Babel is relentless. The message of this movie seems to be that the world is just a crappy place, and the best you can hope for is to hang on. It's enough to make you want to throw yourself under a truck and just get it over with, but then you realize that something good, maybe, will happen before you die.
I think the acting was superb across the board, or more precisely, the ensemble. Brad Pitt's talents get lost among the tabloid headlines, but he commits. I've enjoyed his performances since "Thelma and Louise" and especially "A River Runs Through It"; I tend to skip the schlocky stuff he does, but he rarely disappoints me. (I also appreciate that he's not trying to hide his age in Babel - he absolutely looks like a guy in his 40s, a guy who has lived.) Gael Garcia Bernal also brings his unmistakable screen charisma, and Adriana Barraza (Amelia) gives a noteworthy performance as well.
But you can't talk about Babel without highlighting Rinko Kikuchi, who gives a performance that will fill you with despair. The character absolutely breaks your heart.
The problem with Babel is that it doesn't know when to stop - and there's one scene in particular where the movie really goes off the road. There are some forgivable contrivances in Babel a la Six Degrees, but there are also some that are unforgivable. David Denby of The New Yorker was among those who thinks the film goes too far:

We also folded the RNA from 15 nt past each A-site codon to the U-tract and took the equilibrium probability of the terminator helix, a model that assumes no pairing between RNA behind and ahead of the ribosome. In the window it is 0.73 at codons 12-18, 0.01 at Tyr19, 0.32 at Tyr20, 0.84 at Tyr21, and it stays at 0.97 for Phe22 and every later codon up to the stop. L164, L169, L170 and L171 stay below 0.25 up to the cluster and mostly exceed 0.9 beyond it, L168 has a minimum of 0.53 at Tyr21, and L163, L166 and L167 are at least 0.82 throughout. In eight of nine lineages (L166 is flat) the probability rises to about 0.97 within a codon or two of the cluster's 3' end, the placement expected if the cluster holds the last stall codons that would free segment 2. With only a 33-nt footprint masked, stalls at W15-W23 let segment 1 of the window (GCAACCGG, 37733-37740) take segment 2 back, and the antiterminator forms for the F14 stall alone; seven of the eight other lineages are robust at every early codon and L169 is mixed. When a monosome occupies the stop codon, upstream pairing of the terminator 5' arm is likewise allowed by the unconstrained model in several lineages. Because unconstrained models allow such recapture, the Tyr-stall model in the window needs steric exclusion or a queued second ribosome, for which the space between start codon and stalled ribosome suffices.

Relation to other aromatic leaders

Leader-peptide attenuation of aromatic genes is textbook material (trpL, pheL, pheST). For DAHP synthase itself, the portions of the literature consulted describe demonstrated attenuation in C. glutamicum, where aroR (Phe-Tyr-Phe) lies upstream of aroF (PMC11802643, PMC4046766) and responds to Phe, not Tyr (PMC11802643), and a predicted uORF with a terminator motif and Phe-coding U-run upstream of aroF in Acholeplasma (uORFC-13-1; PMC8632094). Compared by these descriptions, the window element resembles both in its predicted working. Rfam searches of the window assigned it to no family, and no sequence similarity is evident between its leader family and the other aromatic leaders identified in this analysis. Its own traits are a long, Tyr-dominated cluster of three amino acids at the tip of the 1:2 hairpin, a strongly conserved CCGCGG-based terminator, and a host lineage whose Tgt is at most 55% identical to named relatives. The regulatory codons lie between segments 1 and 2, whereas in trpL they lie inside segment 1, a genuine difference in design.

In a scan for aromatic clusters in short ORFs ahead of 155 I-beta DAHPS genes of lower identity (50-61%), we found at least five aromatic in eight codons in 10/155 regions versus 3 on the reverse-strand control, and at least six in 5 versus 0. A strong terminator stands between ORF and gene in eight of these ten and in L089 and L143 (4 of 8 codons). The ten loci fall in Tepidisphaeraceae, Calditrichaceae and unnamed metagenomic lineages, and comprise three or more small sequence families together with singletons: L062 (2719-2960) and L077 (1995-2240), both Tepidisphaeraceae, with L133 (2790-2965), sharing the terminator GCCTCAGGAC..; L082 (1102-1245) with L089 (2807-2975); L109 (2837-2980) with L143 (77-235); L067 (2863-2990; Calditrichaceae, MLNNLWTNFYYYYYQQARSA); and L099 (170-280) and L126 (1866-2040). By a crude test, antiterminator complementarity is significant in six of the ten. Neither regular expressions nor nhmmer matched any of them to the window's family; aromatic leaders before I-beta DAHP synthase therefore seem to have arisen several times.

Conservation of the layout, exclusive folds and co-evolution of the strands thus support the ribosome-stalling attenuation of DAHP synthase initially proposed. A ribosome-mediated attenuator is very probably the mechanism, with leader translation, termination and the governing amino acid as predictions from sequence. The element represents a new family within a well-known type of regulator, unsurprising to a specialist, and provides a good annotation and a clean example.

My friend Herbert was rude to his mother last spring, and, some time later, Mt. St. Helens erupted. And three girls I met on the Central Park carrousel were kicked out of school for smoking, and the price of silver dropped by forty thousand rupiah in Indonesia. With these seemingly trivial events from my own life, I illustrate the dramatic principle by which the Mexican-born director Alejandro González Iñárritu makes his movies. Iñárritu, who made "Amores Perros" (2000), is one of the world's most gifted filmmakers. But I had the same reaction to "Babel" that I had to his most recent movie, "21 Grams" (2003): he creates savagely beautiful and heartbreaking images; he gets fearless performances out of his actors; he edits with the sharpest razor in any computer in Hollywood; and he abuses his audience with a humorless fatalism and a piling up of calamities that borders on the ludicrous. ...
Most of the coincidences in the film aren't quite so random as Denby's lead implies, so his straw man doesn't quite stand on its own two feet. Plus, the veracity of the connections isn't, in the end, the foundation of Babel But there's no doubt that the film goes out of its way to take you down a depressing, barely redeeming path. Like Flags of Our Fathers, I have no regrets over seeing Babel and no desire to revisit it.